# Why model the variance-covariance matrix as an inverse-Wishart distribution in bayesian portfolio analysis?

I am following Risk and asset allocation (Attilio Meucci,2007). I must say I am enjoying this reading quite a lot so I hope nobody takes my question as a critique on the text.

When we are introduced to the Bayesian approach in asset-allocation we realise we need to specify a joint distribution for the mean and variance of the data (respectively $\mu, \Sigma$) to obtain a prior we can plug in the Bayes formula. We recall that $f(\mu, \Sigma) = f(\mu | \Sigma)f(\Sigma)$.

So For the conditional mean $\mu|\Sigma$ the text chooses a normal:

$$\mu|\Sigma \sim N\Bigg(\mu_0 , \frac{\Sigma}{T_0}\Bigg)$$

This seem like a good choice that is also pretty intuitive.

Instead the text models the variance ,$\Sigma$, as an inverse Wishart distribution:

$$\Omega = \Sigma^{-1} \sim W\Bigg( v_0, \frac{\Sigma^{-1}}{v_0} \Bigg)$$

The text then goes on to give some explanations but I was wondering: are there any intuitive reasons why this is a good way to model variance?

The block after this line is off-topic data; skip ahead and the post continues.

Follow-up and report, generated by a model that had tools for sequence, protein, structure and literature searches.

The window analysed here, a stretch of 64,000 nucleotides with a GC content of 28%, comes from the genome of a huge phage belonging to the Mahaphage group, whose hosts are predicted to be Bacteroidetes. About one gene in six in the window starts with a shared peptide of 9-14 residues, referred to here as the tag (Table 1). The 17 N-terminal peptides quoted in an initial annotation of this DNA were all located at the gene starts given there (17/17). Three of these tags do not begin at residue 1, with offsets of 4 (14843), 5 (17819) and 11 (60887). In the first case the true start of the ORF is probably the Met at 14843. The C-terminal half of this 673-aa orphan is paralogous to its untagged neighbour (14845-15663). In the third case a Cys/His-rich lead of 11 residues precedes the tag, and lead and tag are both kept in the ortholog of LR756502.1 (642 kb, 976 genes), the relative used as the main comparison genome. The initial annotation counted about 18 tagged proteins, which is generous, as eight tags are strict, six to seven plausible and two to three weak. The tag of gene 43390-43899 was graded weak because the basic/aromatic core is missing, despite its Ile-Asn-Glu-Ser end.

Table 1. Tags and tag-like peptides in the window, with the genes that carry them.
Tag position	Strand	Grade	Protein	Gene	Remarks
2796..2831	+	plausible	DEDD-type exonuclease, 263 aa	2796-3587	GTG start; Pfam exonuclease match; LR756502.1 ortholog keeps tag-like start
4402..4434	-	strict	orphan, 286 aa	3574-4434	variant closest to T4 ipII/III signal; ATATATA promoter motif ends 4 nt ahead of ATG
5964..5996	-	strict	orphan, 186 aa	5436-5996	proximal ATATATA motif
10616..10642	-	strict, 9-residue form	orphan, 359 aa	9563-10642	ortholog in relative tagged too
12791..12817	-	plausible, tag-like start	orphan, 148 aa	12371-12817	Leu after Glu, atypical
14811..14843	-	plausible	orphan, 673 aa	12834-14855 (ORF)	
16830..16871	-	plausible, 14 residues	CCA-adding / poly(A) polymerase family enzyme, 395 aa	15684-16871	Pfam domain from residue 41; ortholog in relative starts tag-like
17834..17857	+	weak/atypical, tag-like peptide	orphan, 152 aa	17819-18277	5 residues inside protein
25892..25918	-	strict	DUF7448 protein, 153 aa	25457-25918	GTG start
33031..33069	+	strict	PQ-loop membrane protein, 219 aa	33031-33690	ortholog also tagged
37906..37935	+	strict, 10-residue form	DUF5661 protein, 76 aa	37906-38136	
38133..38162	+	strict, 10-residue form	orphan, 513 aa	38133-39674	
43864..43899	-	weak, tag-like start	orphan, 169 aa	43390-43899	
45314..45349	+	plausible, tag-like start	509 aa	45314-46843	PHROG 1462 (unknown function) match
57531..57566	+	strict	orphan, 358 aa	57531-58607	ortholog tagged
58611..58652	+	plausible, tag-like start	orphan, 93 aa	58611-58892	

## 1 Answer

If you give a covariance matrix an inverse Wishart prior, then it simplifies a lot of math in the calculations. This is called a conjugate prior. If you don't understand conjugate priors, you might want to work through the math on the univariate normal case with an inverse gamma or chi square prior for the variance. The Wishart distribution is just a generalization of chi square or gamma to multivariate. Since you use inverse gamma or chi square for variance, you do the inverse of the covariance matrix when generalizing to multivariate.